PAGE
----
Bioethics Blogs

How does the history of contraceptive responsibility shape current contraceptive coverage conversations?

One of the more controversial parts of the Affordable Care Act (ACA) is the mandate that insurance companies cover contraception. As seen in the Hobby Lobby case, the argument is often boiled down to two conflicting sides: women who want the right to receive contraception without a co-payment and employers don’t want to provide contraception due to their religious convictions. Men’s right to receive contraception without a co-payment is missing from the ACA and the larger debate about the right to contraception. I wonder, however, how this public discussion would be different today if there were more types of male contraceptives and men were expected to assume more responsibility for contraception.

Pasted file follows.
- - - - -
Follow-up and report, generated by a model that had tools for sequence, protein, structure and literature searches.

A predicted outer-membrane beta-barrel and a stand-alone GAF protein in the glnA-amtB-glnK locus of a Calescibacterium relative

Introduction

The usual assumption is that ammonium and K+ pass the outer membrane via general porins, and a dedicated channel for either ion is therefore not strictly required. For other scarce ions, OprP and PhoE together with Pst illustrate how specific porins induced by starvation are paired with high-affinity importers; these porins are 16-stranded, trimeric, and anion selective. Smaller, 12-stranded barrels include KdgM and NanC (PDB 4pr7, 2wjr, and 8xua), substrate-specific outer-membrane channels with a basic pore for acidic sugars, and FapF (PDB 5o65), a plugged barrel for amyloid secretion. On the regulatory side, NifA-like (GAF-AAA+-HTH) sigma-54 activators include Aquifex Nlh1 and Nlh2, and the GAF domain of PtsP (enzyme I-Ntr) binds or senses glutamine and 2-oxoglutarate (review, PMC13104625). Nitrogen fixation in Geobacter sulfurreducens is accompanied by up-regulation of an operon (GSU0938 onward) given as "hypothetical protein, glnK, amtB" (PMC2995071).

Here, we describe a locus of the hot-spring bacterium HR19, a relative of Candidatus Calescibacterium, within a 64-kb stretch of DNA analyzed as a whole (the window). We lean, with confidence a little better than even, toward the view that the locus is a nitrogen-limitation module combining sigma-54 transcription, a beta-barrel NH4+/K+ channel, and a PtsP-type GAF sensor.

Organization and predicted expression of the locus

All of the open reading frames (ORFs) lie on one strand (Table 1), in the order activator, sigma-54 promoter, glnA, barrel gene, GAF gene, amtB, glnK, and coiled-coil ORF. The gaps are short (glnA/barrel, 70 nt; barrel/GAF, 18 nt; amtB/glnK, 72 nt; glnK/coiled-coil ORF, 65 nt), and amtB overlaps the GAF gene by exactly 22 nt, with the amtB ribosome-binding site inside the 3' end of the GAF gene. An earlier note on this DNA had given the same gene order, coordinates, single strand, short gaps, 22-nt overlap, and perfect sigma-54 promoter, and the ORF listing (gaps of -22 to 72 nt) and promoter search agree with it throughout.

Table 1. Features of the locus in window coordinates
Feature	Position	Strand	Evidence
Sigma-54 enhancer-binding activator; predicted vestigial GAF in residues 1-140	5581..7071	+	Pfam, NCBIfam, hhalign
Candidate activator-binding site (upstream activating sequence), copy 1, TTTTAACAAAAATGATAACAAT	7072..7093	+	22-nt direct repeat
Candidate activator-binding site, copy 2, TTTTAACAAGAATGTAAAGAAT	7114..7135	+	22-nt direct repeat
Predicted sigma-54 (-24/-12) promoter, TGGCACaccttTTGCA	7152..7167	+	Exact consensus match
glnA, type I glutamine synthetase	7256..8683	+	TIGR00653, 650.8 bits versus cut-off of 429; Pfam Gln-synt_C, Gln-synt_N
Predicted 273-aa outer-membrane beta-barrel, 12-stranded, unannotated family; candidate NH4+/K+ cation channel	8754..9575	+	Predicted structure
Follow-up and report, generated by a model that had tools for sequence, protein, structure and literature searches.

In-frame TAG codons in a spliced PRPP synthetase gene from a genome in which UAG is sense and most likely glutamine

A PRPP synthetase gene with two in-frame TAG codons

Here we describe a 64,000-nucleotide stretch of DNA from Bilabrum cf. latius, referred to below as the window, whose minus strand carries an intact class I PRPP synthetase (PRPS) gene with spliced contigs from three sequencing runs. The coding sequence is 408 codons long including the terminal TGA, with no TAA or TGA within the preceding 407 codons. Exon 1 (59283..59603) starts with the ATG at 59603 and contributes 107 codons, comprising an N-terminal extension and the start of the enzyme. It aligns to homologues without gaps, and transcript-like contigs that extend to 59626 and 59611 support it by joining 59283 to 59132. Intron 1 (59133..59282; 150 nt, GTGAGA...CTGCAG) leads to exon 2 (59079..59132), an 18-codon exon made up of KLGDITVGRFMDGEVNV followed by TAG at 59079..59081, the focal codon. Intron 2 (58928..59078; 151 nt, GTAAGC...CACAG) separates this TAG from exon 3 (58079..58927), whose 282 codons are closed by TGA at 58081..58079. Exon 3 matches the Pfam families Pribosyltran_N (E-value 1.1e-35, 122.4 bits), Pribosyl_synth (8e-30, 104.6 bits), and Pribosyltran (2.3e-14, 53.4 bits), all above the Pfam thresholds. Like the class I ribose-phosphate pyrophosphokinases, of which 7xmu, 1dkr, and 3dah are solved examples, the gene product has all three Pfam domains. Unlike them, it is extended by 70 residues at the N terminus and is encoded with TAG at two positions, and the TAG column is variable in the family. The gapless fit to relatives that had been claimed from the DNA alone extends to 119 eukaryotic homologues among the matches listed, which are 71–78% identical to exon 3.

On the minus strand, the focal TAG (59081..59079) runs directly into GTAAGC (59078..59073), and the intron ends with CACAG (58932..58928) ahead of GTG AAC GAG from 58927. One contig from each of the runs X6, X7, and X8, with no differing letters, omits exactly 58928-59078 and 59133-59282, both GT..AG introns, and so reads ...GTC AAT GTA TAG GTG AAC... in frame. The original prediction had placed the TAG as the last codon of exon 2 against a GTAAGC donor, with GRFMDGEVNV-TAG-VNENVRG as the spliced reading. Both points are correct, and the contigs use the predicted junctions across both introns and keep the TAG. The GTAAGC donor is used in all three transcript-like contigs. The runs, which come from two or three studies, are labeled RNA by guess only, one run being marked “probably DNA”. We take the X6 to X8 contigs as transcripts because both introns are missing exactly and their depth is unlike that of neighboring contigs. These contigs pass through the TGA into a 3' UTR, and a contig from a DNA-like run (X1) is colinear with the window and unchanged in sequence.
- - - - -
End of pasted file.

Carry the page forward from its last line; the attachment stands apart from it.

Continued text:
It is worth noting that women’s association with contraceptive responsibility is a relatively recent phenomenon. Before the “contraceptive revolution” of the 1950s and 1960s, which lead to the development of hormonal and long-acting contraceptives, notably the pill, men actively participated in many forms of contraception. One reason for this is that contraceptive use was tied to the act of sex itself or to the timing of sex; therefore men had to be involved. All of the available contraceptives were used during sex, such as condoms, diaphragms, sponges, and withdrawal; immediately following sex, like douches; or were related to the timing of sex, as in the case of the rhythm method. 

Furthermore, dominant gender norms about men solidified contraception as men’s responsibility, or at least a shared responsibility, since men were considered the heads of the households and viewed as more rational and better able to make important decisions for their families.

The views, opinions and positions expressed by these authors and blogs are theirs and do not necessarily represent that of the Bioethics Research Library and Kennedy Institute of Ethics or Georgetown University.